Just today I had this corrected. Once the pain and swelling go down I'm hoping it gets better.

lisa on December 15, 2010:

Today i changed my grandaughters nappy and found she has this condition,I am glad i googled this,as we were sure she used to have an opening,(we thought we going crazy)now reading articles i know shes going to be ok thanks a not so worried granny

cynthia on December 08, 2010:



Angry Pediatrician on November 15, 2010:

So my daughter's one year well child was today, and she was found to have labial adhesion, and then forcefully opened manually by her pediatrician with NO WARNING. He said that it was good we found it now so we didn't have to mess with creams and such later. Are you kidding me?? She has been crying with every diaper change and every time she urinates. I have never been so angry. And get this.... I'm actually a pediatrician too. I take my kids in for their shots and for another set of eyes to make sure they are fine. Never again.

So in short, excellent article.... excellent responses for the most part. I would prescribe the Premarin for a short course IF there are complications of recurrent UTI's etc. Beyond that, for more complicated cases or recerrance, I would be referring the cases to a pedi urologist. Make sure you are taking your children to a PEDIATRIC urologist, even if you have to travel to see them.

I'm going to go hug her again now. Poor thing. It was horrible. And I'm used to having to make kids cry.

Heather on November 02, 2010:

@Milk Mommy: From what I understand, there is no need to be scared. Adhesions aren't really talked about, but they are fairly common. From what I've read, in many cases they resolve on their own eventually and it's okay to leave them alone as long as it's not bothering the baby or preventing urination - just make sure to monitor it in case it closes too much. If the adhesion is significant or there is a risk of infection because the adhesion covers the urethra and traps the urine, then it might be necessary to treat it (we used flaxseed oil instead of the Premarin after checking with our pediatrician). Once it opens, our pediatrician said to apply an ointment (Alba Un-Petroleum jelly is good, and we've been using calendula oil) to keep the area open and soothed (irritation can cause it to close again). Once it's open, there is definitely a chance the adhesion will come back, so be prepared for that, and try not to worry. Remember that this is a temporary condition that will eventually go away and that your baby will be just fine. Whatever you decide, talk it over with your pediatrician (and don't be afraid to find another pediatrician if yours isn't willing to talk over different options with you or answer any questions you have). Good luck!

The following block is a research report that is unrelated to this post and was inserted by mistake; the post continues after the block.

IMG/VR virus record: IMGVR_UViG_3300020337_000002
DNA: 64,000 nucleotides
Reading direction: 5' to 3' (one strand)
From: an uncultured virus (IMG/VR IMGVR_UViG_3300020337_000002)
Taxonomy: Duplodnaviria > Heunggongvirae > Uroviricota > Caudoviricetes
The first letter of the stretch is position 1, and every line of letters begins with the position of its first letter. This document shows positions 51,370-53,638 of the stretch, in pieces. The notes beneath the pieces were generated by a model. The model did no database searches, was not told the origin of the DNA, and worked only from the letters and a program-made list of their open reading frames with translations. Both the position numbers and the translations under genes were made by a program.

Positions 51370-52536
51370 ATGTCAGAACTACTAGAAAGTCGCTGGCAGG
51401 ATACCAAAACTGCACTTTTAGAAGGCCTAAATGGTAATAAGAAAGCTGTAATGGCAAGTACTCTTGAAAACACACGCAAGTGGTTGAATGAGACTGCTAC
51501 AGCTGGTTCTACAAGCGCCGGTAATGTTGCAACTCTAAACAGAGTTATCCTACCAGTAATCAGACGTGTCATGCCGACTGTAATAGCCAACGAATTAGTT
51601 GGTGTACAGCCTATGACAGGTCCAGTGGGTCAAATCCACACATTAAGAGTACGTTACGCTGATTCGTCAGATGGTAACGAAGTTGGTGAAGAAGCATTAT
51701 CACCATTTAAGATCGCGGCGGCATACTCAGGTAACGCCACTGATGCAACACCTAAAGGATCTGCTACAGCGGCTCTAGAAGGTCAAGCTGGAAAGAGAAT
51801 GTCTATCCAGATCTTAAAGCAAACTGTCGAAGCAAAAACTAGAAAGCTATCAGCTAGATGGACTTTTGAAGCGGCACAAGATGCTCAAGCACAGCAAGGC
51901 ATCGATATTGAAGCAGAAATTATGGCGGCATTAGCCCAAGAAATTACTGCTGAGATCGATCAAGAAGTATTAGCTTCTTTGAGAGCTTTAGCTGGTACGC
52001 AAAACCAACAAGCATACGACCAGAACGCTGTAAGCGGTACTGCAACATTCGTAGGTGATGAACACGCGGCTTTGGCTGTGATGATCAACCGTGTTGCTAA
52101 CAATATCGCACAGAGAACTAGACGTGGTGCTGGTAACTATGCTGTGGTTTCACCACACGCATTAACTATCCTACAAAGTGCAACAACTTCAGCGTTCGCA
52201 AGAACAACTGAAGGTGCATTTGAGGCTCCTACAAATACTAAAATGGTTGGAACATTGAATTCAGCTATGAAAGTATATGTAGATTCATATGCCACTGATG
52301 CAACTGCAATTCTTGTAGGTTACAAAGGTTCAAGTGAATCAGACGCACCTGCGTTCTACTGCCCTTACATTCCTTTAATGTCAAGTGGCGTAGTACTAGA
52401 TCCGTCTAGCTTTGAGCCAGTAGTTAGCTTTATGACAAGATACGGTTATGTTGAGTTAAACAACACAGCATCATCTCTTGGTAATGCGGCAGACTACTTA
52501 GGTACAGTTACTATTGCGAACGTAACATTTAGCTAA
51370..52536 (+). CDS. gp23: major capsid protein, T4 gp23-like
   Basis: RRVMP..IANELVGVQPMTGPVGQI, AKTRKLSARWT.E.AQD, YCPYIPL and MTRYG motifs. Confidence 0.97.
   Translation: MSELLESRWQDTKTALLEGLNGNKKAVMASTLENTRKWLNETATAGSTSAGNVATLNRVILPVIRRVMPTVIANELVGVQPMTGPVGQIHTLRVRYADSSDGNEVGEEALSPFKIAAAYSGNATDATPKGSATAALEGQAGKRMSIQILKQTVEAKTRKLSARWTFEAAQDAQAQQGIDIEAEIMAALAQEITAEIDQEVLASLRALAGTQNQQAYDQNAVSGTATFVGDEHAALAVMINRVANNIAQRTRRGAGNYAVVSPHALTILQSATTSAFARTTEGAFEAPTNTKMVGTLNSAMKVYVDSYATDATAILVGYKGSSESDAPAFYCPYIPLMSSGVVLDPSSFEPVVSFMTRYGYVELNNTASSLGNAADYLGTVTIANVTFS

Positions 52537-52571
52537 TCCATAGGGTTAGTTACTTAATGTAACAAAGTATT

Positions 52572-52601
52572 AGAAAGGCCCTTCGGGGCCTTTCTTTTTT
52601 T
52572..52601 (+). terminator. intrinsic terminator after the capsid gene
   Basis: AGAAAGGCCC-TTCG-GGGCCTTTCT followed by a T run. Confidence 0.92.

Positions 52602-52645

Milk Mommy on November 02, 2010:

I found out last week that my 10 month old has a vaginal adhesion. I was scared and Im still concerned I hope that she'll open up and never have to go through this again. I'm using the cream the docor said put it on once a day 4 10 days the once every other day afterward with a q tip and try to separate it as I apply only on that little area. I see that its starting to look like its trying to come back now. I want her to be healthy and have babys when she grows up I hope she gets back to normal. I need to look up flaxseed oil thats sounds more natural then this cream I hate side effects.

Heather on October 25, 2010:

Our pediatrician diagnosed my 10 month old with a labial adhesion about a month ago and prescribed Premarin cream. Instead of using the cream, we opted to let it be and watch it instead since it didn't seem to be bothering her. Once we noticed it closing more, we decided to try flaxseed oil, and the adhesion opened up after about 4-5 days of applying the oil after every diaper change. For the last day or so we've been using calendula oil to soothe the area and keep it open - so far so good!

Laurie on October 23, 2010:

Premarin works great. My 9 month old went into the doctor and was given Premarin it worked in only a week or two. She had it when she was 3 months old as well but it was so thin (the growth of the labia) that the doctor just pulled it apart easily. I wouldn't do surgery unless Premarin wasn't working. It worked wonders on my little one. Although reading through this my Ped told me that it was common in larger babies. Is this a misconception that it normally happens in bigger or chubbier babies?

Tisha on October 21, 2010:

Alison-I agree that if your daughter isn't having any serious complications why rush to do something so serious as a surgical procedure. Not only will she better understand it when she is older (IF she actually needs it then), but who knows in the next 8 or so years if a new treatment will be out that will be less invasive.

Alison on October 18, 2010:

My 4 1/2 year old has had this since she was months old. We've moved 3 times since she was first diagnosed and have been given so many different opinions about treatment from her different pediatricians. I am so confused on what is the "best" thing to do. I appreciate all of your comments and've helped me realize it's okay to go w/ my "gut" instinct and leave her alone!